predators attempting to seize scarce resources at the expense of others. They shared the limitations of predatory movements the world over. Eric Hobsbawm has summarized the plight of banditry as "inefficient in every way." 89 Its very structure --an association of small, segmented gangs--precluded well- coordinated activity. Its ideology--at best a yearning for a more just society--was a traditionalist ethos unsuited to modern revolution. Anton Blok has pointed out that banditry may impede social transformation both directly, by means of terrorist tactics, and indirectly, by providing channels of upward mobility that tend to weaken class solidarity. 90 In these respects the Nien were in the end little different from other bandit movements. As Ella Laffey has commented, "In general and in the long run, the Taipings were right: survival as local bandits and rebels produced individuals who were poor material for massive and sustained revolt." 91 Successful adaptation as parochial predators would not ensure a smooth transition to modern revolutionary action.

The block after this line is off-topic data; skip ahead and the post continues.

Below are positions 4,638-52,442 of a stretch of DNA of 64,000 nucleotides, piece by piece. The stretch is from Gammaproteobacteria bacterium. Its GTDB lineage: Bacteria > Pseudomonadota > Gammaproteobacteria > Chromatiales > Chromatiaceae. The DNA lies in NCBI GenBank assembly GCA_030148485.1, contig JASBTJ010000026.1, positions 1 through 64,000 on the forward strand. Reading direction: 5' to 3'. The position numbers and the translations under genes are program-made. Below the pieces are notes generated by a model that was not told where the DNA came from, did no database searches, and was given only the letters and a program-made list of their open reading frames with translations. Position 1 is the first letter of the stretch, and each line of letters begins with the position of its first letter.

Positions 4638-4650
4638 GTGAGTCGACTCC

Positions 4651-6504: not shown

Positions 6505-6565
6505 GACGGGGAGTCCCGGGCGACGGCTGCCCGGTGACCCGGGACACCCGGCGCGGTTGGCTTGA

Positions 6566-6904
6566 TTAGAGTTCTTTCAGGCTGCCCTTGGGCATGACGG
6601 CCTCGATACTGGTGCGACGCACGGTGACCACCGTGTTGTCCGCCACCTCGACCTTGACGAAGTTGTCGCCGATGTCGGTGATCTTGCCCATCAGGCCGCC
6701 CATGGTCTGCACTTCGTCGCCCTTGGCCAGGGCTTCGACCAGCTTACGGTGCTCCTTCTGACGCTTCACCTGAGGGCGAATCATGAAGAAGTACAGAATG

For most participants, the Nien presented a concrete opportunity to garner one's livelihood in a situation of extreme insecurity. The movement began as a series of familiar efforts by impoverished peasants to seize scarce resources from others. The later Nien reflected these origins: plundering forays followed the routes of salt smugglers, community feuds continued to be conducted along previous lines, bandit gangs retained their independence of action, and so on. Although the movement managed to absorb protective institutions and to redirect its aggression against the state, it remained primarily the expression of mundane strategies of survival.
An explanation of the Nien as arising out of a parochial dialectic in the Huai-pei countryside runs counter to conventional interpretations both of Chinese peasant rebellion in general and of the Nien in particular. Rural unrest in China has typically been